Autechre’s ‘Cipater’ is one of the first truly electronic songs I heard at the time of its release and I can credit it, along with the tracks from LP5, as helping me make the decision that I would NOT use beats in my own music (at least not until my fourth album!). Sometimes it’s really helpful to hear artists that are really great at doing what they do so that you can measure the distance between “good” and “excellent”, and decide what your own strengths and weaknesses are.

mulatuastatke

Mulatu Astatke is a musician I discovered through the incredible Ethiopiques series, which I first heard on French radio Radio Nova in the late ’90s shortly after I had moved from England to Paris: what a shock that was… I can distinctly remember stopping whatever it was I doing and rushing to the tape recorder on my hi-fi. Subsequently I proceeded to try and find the entire series in the Paris music libraries and listened to them avidly. Nowadays the record market is almost saturated with African music re-releases, but 15 years ago Ethiopiques really stood out, and the music contained in the series carries a peculiar flavour all of its own, really distinctive from everything else on the continent. After that I borrowed all sorts of African music from the Paris libraries and to this day I consider those musics as a strong influence on how I approach playing my instruments.

can

Finally, a word on Can again, with ‘Vitamin C’: surely this was exactly the kind of music I needed to hear at the time (late ’90s) given that I was originally a guitarist and was desperately trying to make music that fell outside the pop rock format, but could not really see how that was going to happen. Along with This Heat, they provided the perfect proof that this was possible, and even though I had to go through a sampling-other-people’s-records phase first (on my Everyone Alive Wants Answers album) before finding my own voice as a musician playing various instruments, I am very grateful that I did hear this music at the time, and am still immensely impressed by the playing and inventiveness going on in these records, not to mention the fact that they were amazingly recorded and mixed!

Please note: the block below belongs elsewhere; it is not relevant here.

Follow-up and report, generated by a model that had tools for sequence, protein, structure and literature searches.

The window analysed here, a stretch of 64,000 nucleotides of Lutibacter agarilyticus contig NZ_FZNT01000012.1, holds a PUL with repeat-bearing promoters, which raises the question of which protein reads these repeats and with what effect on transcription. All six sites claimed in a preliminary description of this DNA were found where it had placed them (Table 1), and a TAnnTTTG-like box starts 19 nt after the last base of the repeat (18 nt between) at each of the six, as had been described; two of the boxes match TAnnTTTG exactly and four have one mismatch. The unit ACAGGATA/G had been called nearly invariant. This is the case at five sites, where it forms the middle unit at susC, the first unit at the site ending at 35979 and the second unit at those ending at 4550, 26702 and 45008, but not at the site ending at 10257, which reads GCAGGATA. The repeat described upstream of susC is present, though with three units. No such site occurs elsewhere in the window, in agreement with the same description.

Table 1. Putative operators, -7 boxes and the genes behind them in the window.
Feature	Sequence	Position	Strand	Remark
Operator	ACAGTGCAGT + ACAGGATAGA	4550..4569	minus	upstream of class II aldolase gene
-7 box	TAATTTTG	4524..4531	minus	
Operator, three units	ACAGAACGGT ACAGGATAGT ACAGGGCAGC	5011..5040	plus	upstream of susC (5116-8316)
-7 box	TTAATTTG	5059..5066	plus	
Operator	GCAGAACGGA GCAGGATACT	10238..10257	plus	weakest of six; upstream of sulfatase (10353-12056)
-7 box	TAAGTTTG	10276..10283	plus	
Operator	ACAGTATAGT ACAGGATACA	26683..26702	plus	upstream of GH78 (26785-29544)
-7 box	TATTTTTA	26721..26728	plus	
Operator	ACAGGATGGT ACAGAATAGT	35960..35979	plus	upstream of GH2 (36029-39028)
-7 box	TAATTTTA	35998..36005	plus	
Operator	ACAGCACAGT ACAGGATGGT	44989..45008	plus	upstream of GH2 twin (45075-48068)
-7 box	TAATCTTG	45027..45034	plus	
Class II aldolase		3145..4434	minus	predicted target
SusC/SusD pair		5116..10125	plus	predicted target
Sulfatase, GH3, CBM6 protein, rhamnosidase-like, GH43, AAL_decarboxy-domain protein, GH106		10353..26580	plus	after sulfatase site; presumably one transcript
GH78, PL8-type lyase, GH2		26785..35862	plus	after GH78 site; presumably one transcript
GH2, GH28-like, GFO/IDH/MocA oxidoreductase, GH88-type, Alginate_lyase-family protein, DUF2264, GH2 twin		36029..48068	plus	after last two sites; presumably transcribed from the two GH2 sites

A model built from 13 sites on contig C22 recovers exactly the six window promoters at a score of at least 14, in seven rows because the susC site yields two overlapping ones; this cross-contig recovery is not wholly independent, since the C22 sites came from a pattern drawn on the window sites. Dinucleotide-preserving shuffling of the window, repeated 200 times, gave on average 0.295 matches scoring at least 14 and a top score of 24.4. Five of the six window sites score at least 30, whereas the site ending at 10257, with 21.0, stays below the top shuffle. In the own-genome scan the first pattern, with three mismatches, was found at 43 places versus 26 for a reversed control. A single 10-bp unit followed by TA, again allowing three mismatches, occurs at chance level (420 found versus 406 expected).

Full tracklist:

Holger Czukay/Rolf Dammers – Boat-Woman-Song (Spoon Records) / Buy
Wu Tang Clan – Bells Of War (Loud Records) / Buy
Autechre – Cipater (Warp) / Buy
Holger Czukay/Rolf Dammers – Boat-Woman-Song (Spoon Records) / Buy
Space Lady – Domine, Libra Nos / Showdown (Night School) / Buy
Confetti – It’s Kind Of Funny
Family Fodder – Der Leiermann (Crammed Discs) / Buy
The Fallout Club – The Beat Boys (Secret) / Buy
Isolee – Beau Mot Plage (Playhouse) / Buy
Reina De Cumbias – Conjunto Miramar (Soundway) / Buy
Can – Vitamin C (United Artists Records) / Buy
Holger Czukay/Rolf Dammers – Boat-Woman-Song (Spoon Records) / Buy
Kaa Antelope – Rise Up Helicopter, Like A Bird (Popwave) / Buy
Mulatu Astatke – Wubit (Strut) / Buy
Barong, A Balinese Musical Drama – Dance And Fight Of The Barong, Men’s Trance (Disques Vogue) / Buy
Holger Czukay/Rolf Dammers – Boat-Woman-Song (Spoon Records) / Buy


Colleen begins her US tour on 11th June. Click here for more info.

Keep up to date with Colleen on her website and Facebook Page.